You are basically working not with an image, or even sculpture, but with virtual reality itself. The hope for artists that make their own work, when competing against download-and-assemble jockeys, is that you can make your own designs. The jockeys are restricted to what other people created as their basic building blocks. And if one is genuinely creative, one can come up with original pieces that stand out from the throng of Beeple copy-cats (and even Beeple is highly derivative of the much more sophisticated digital paintings of Simon Stalenhag]. This is not to say Beeple doesn’t do some sick shit with the material he downloads, but for artists who know how to draw, paint, and sculpt, it’s unconscionable to take credit for assets we couldn’t create ourselves, and fully knowing that the skill it took to make them is what is really impressing people.

The solution to that is very simple. Credit the people whose work you are using. So, for example, under a Beeple image, there would be a list of the people whose work he downloaded, so they get some credit, and possibly some more work. It might be a fairly long list at times, but for every second it takes the digital artist to type up those names or sources, it saves at least an hour of work. Then everyone would know what Beeple did, and what was downloaded, in which case, I’d have no problem with his creations. But, I’ve suggested this practice to some of his myriad followers, and they’ll have none of it, because they know that once people see how much of their creation they didn’t do themselves, people will stop praising their astounding genius, and start learning to appreciate the awesome power of the programs themselves.

I would support using other people’s “assets” in a subordinate way, such as using some else’s silverware in a scene where it is just a part of the backdrop. Provide credits, and all is good. I might do that myself to set an example and precedent of artistic integrity.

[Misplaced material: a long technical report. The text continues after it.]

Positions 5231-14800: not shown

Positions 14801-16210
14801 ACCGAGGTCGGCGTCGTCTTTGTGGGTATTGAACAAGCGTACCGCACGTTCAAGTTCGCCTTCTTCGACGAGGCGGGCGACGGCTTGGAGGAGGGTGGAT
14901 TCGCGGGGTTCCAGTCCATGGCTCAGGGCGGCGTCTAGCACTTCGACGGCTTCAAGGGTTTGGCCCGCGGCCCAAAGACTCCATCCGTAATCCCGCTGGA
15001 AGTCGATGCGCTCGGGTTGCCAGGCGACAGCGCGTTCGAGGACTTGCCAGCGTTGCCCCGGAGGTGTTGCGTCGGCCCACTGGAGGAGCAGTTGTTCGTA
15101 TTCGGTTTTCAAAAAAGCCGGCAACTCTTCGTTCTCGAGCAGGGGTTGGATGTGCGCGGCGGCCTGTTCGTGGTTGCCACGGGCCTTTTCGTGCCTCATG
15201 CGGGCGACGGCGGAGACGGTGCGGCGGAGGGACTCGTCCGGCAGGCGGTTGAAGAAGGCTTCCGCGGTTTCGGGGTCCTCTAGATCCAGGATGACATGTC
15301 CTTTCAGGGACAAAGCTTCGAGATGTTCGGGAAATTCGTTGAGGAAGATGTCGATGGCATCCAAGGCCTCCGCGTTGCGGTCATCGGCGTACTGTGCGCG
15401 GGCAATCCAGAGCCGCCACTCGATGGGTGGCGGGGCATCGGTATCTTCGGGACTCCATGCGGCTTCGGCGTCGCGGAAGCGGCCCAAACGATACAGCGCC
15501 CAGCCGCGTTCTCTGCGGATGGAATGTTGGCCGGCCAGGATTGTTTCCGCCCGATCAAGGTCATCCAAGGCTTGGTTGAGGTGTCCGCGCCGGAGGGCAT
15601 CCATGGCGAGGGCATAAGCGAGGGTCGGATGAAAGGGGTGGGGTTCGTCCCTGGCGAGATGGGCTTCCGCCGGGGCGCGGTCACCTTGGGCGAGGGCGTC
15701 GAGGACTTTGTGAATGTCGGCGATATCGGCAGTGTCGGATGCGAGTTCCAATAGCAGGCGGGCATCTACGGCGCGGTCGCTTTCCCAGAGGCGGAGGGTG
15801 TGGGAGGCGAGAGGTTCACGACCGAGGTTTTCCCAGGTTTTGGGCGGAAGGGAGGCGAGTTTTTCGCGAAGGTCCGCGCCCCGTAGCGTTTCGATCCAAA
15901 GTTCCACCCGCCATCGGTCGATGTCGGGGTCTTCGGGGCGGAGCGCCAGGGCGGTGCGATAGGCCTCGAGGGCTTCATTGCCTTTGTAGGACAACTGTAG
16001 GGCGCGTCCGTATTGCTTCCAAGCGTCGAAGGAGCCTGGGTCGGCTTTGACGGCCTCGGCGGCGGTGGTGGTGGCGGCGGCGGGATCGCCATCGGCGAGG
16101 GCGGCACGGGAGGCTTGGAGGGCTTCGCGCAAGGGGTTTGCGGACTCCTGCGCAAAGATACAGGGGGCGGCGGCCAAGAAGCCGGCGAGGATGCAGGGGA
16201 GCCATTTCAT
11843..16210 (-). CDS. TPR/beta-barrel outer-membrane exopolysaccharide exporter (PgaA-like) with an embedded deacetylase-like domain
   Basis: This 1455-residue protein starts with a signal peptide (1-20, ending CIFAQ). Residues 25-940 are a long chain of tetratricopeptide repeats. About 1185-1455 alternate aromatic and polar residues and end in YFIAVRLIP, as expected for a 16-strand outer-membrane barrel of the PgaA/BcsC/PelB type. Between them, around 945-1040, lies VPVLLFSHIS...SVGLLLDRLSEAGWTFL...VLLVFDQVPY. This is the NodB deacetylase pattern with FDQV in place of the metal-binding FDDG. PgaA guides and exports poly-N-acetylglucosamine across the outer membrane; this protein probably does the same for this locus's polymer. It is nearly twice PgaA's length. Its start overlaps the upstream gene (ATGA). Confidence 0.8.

I noticed that Andrew Price, a.k.a. Blender Guru, in his “Cabin in the Woods” tutorial video was very candid about all of the resources he used. While that was the nature of the tutorial, I think he would do it anyways if a significant part of his creation was dependent on someone else’s work.

In any case, Blender, and other 3D software packages, are far too phenomenal of artistic tools to askew just because some artists cheat a little, or a lot, or a whole lot, by brazenly using other people’s work without giving any credit.


3 replies on “Getting back into Blender

    1. I think that may be true. It’s so nice when we find them. Maybe there’s something where it’s considered naïve and stupid to be a decent and honest person. When I lived in China someone explained to me why everyone tried to rip everyone else off. And it was because if you didn’t, well, then you had no way of compensating for being overcharged and cheated by everyone else. You were considered stupid if you were honest. I realized that everything was a game of Chess that was played behind the scenes, and everyone was trying to outsmart everyone else and get an upper hand.

      However, in my mind, cheating is for losers. Cutting off everyone else’s head in order to be the tallest person in the room is not self realization. Corruption may be savvy, and is practiced religiously by some of the most powerful people in the world, but it’s always compensation for an inner lacking, and is a weakness of character. On a low level it’s clever, but ultimately it’s horrendously stupid.

      Liked by 1 person

  1. Such an important message here! 👏👏❤️👏👏

    First, tho, thank you for posting this. I learned a lot, not only about Mr. Winkelman but also about Blender. I was naïve to think I could select a couple of Blender’s tools & use those for what I wanted, without learning the rest of it.

    This: “…and you work on every aspect of the phenomenon of imagery.”

    BOOM! Got it. I won’t stop trying with Blender, but will be more patient & methodical. Much – so much – to learn.

    Then there’s Beeple. I heard nothing about him until a couple of years ago, and then only a reference to his earnings. Inspired by your words, I looked into him and wandered thru his “Everydays” photography. You know what? I’ll bet that if he’d tried hard he could’ve crafted some of his misappropriations himself and wouldn’t have needed to use others’ work. (But what do I know? I still can’t convince Blender to loosen its grip on the things I do manage to make. 😂)

    How sad that people behave so badly. Sometimes survival’s at stake, sure. But most of the time it’s greed or insecurity. Your “tallest person in the room” thing is a terrific way to illustrate how dangerous and disgusting this cheating thing is. People have always done it & probably always will. But the stakes seem to be higher now & I think that’s lowered the bar for entry into the “If I can steal it I can call it mine, you stoopid losers!” club. Blecch.


    Liked by 1 person